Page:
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Davis, California

Saturday, March 2, 2024

Editorial: Executive pay

Governor Arnold Schwarzenegger vetoed over 221 bills two Sundays ago. Among them was Senate Bill 86, which would have banned UC Regents, CSU Trustees and community college leaders from giving executive officers pay increases during bad budget years.

On the surface, this sounds logical – especially during this time of budget turmoil and high emotions. Students have been watching their fees creep steadily upward while waiting longer to get into classes. Faculty and staff have been doing more work for less pay and with fewer resources. They have a right to be angry, but legislating away the ability of our leaders to attract top-notch talent is not the answer.

Yes, this is exactly the line regurgitated by administrators every time someone gets a raise. And yes, it smacks of elitism and makes the populist masses boil over with rage. But that doesn’t make it any less accurate.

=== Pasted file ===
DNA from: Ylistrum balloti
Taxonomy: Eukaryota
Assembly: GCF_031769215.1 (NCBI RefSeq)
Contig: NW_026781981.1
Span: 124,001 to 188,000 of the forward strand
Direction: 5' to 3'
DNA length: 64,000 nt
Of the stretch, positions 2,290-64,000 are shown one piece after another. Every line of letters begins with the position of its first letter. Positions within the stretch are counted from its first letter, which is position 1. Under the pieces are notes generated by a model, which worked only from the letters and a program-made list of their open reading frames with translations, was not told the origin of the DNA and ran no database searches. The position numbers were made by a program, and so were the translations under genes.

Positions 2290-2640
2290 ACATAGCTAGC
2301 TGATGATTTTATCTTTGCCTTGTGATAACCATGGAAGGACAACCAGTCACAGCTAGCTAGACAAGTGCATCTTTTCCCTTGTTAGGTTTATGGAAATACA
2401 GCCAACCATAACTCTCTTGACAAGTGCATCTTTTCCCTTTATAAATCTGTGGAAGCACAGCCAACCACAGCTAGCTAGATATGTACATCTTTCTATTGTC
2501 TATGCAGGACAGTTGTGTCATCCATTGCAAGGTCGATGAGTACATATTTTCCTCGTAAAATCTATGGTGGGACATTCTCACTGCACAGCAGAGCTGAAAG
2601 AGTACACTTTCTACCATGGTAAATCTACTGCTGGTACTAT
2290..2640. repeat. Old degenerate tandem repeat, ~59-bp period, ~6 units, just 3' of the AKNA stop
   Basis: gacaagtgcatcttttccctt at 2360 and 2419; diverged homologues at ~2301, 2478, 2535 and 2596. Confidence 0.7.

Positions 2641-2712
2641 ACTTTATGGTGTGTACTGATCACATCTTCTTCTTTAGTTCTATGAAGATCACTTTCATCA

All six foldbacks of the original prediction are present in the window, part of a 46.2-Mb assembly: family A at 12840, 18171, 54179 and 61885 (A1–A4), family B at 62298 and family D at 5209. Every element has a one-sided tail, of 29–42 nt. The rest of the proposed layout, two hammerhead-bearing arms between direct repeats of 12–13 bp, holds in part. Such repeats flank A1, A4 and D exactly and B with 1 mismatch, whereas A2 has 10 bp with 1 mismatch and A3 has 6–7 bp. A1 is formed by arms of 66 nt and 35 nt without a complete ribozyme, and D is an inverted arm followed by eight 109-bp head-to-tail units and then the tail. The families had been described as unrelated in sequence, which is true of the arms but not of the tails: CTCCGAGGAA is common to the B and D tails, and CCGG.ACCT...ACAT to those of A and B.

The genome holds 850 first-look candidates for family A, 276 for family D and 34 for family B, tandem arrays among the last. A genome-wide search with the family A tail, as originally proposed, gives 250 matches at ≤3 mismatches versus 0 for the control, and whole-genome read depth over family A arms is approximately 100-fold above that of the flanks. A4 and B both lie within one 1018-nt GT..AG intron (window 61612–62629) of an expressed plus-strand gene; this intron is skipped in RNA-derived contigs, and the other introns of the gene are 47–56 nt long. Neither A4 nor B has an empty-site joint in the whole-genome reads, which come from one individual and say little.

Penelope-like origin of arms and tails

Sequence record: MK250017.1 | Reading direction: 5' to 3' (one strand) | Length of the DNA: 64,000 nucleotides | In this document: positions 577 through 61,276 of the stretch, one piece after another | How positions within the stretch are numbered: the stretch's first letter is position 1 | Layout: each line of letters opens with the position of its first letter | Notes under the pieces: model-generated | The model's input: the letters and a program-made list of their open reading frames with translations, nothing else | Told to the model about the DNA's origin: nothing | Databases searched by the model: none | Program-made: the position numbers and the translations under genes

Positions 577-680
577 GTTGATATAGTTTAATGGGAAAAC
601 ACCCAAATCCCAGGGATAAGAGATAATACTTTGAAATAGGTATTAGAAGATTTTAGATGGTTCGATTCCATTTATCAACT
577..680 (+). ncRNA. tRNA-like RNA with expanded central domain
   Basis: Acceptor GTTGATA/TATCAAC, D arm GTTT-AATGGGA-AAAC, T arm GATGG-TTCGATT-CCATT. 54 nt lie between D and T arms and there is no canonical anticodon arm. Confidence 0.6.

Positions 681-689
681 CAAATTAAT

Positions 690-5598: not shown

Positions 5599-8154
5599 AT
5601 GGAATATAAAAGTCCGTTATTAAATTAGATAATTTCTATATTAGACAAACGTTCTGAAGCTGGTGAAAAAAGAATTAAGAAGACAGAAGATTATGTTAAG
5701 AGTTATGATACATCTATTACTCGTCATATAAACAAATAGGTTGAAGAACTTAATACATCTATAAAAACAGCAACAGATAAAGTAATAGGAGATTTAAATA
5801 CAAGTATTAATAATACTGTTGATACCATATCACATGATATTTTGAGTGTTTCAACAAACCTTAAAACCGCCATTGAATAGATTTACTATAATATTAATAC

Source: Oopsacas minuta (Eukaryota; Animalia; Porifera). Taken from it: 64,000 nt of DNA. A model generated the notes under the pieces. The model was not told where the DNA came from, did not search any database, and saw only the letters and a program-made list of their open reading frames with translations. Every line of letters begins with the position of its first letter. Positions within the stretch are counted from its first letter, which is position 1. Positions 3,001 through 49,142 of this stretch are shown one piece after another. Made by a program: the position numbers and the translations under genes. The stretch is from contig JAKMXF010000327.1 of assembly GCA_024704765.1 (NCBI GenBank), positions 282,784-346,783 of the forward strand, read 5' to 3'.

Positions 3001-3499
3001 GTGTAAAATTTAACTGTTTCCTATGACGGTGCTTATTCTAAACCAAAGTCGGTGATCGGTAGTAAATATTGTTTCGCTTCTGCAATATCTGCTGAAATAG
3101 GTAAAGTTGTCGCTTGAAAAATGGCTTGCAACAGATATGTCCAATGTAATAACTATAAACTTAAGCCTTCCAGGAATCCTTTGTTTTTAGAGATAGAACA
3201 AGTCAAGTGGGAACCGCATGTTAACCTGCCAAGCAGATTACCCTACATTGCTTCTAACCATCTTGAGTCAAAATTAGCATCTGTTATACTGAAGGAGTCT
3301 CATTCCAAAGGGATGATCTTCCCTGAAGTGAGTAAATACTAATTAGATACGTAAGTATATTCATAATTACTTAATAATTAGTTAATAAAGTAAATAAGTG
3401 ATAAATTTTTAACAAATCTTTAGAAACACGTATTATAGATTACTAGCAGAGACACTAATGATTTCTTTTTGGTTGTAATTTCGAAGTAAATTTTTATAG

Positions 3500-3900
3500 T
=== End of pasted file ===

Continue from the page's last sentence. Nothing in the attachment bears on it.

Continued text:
CSU presidents and UC chancellors are already notoriously underpaid compared to their out-of-state counterparts. A California Postsecondary Education Commission report found that leaders of both institutions earn approximately 38 percent less in California than they would in other states’ public universities. The median salary for presidents of public four-year colleges nationwide is $427,000, yet between both UC and CSU, only two campus leaders make more than that.

This doesn’t even include private universities, which have pay rates in an entirely different world, but still compete with public institutions for personnel. Asking an individual to leave their job and work for the UC system for nothing except a change in title and maybe a moving allowance is a pretty hard sell.

We’re in a financial crisis, that’s no secret. But we didn’t get here by overpaying our leaders and we’re not going to get out by underpaying them.


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